This simple message started a search on two continents by four relatives of the families involved.

Linda was able to tell me more about the Edward Goodenough on her tree. She was in contact with Max, a descendant of Edward, who lives in Australia. This Edward died in Arulean, New South Wales in 1884; 38 years after Harriet Goodenough claimed to be a widow on the marriage certificate. Oh well, I thought, not the same man then; except that Max then said that this Edward was married to a Harriet Hobbs [sic]!

Linda said in her reply:

“I don’t see therefore how my Harriet could have been widowed and remarried in 1846 (unless we’re talking bigamy here!) Any ideas?”.

We cooked up several ideas between us. Max had evidence that Edward, and his two sons Joseph and John, had been successfully involved in gold mining before buying land and becoming graziers. This son John must surely be ‘my’ John as his death certificate showed him to have been born in Berkshire, the son of Edward Goodenough and Harriet Hobbs [sic] (helpfully the online index for New South Wales deaths NSW Registry of Births Deaths & Marriages shows parents’ names).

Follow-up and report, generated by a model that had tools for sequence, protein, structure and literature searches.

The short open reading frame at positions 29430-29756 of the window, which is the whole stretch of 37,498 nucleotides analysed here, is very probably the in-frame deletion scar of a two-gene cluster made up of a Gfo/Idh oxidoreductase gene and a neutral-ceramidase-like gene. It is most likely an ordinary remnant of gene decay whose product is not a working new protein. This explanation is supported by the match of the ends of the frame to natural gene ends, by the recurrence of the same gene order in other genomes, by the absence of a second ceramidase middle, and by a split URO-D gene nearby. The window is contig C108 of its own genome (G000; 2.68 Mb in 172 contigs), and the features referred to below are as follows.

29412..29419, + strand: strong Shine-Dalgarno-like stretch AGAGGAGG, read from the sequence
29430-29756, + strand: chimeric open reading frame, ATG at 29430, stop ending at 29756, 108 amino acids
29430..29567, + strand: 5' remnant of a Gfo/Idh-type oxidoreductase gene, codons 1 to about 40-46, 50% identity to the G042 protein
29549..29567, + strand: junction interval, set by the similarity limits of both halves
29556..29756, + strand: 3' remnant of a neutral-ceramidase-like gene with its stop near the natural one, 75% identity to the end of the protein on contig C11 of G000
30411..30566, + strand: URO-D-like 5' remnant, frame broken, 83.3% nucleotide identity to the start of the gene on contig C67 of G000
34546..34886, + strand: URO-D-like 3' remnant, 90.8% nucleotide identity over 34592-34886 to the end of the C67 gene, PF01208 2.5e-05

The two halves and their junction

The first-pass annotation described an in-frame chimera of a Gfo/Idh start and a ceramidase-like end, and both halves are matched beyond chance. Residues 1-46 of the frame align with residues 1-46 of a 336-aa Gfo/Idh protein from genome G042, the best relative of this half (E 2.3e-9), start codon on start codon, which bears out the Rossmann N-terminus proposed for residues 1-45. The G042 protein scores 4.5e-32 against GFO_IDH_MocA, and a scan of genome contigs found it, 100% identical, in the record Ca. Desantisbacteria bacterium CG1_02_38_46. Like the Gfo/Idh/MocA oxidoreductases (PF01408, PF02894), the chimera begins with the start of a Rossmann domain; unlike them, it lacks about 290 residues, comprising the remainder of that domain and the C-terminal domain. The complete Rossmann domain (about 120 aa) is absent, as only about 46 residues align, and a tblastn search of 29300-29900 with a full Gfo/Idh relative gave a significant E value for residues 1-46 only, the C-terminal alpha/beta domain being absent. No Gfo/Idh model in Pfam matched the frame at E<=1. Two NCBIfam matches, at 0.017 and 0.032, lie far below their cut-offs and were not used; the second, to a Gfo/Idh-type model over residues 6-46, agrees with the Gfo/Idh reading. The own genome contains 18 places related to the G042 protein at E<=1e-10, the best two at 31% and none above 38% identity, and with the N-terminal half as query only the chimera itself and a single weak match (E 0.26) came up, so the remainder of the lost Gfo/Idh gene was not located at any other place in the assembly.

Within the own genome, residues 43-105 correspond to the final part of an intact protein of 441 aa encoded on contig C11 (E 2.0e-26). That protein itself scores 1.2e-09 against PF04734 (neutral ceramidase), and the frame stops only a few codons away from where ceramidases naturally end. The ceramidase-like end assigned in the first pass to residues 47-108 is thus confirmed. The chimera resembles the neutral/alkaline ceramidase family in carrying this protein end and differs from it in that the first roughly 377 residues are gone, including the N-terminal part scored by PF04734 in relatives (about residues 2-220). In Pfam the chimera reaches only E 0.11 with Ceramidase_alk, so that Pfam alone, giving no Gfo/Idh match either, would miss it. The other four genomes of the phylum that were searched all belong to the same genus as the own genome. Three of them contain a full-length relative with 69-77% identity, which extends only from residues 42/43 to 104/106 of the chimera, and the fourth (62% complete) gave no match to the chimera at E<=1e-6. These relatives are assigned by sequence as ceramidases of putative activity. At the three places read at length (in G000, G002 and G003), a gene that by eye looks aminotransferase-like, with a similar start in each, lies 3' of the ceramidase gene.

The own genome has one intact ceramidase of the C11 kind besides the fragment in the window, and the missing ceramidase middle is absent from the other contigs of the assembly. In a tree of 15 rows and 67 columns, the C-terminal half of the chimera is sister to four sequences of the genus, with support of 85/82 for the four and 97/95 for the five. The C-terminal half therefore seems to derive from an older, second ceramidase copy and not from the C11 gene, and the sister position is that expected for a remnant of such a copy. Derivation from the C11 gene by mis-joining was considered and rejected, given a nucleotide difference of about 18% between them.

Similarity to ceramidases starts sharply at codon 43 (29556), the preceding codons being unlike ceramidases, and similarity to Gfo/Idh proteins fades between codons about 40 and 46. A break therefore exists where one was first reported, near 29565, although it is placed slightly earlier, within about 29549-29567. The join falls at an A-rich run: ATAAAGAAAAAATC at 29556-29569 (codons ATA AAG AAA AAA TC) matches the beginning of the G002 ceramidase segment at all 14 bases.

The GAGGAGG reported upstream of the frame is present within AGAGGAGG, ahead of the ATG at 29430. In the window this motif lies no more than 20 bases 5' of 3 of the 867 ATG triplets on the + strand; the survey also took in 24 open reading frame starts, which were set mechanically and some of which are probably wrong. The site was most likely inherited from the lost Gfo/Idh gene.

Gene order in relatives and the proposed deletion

Perhaps when Edward decided to go off to try his luck, Harriet had thought him mad and chosen not to accompany him, or perhaps he had intended to send for her later and lost touch, so she believed him dead. Well maybe not, as in 1846 two Goodenough relatives were witnesses at ‘widowed’ Harriet’s second marriage, and the 1851 census made it apparent that the boys, or at least John had not left with Edward, and so there must have been later contact.

Messages flew back and forth as Max set off to track down the Goodenough family in ship arrival indexes, and also brought in Cliff, another Goodenough relative whom he had contacted through Curious Fox.

It was at this stage that I threw this thought into the equation: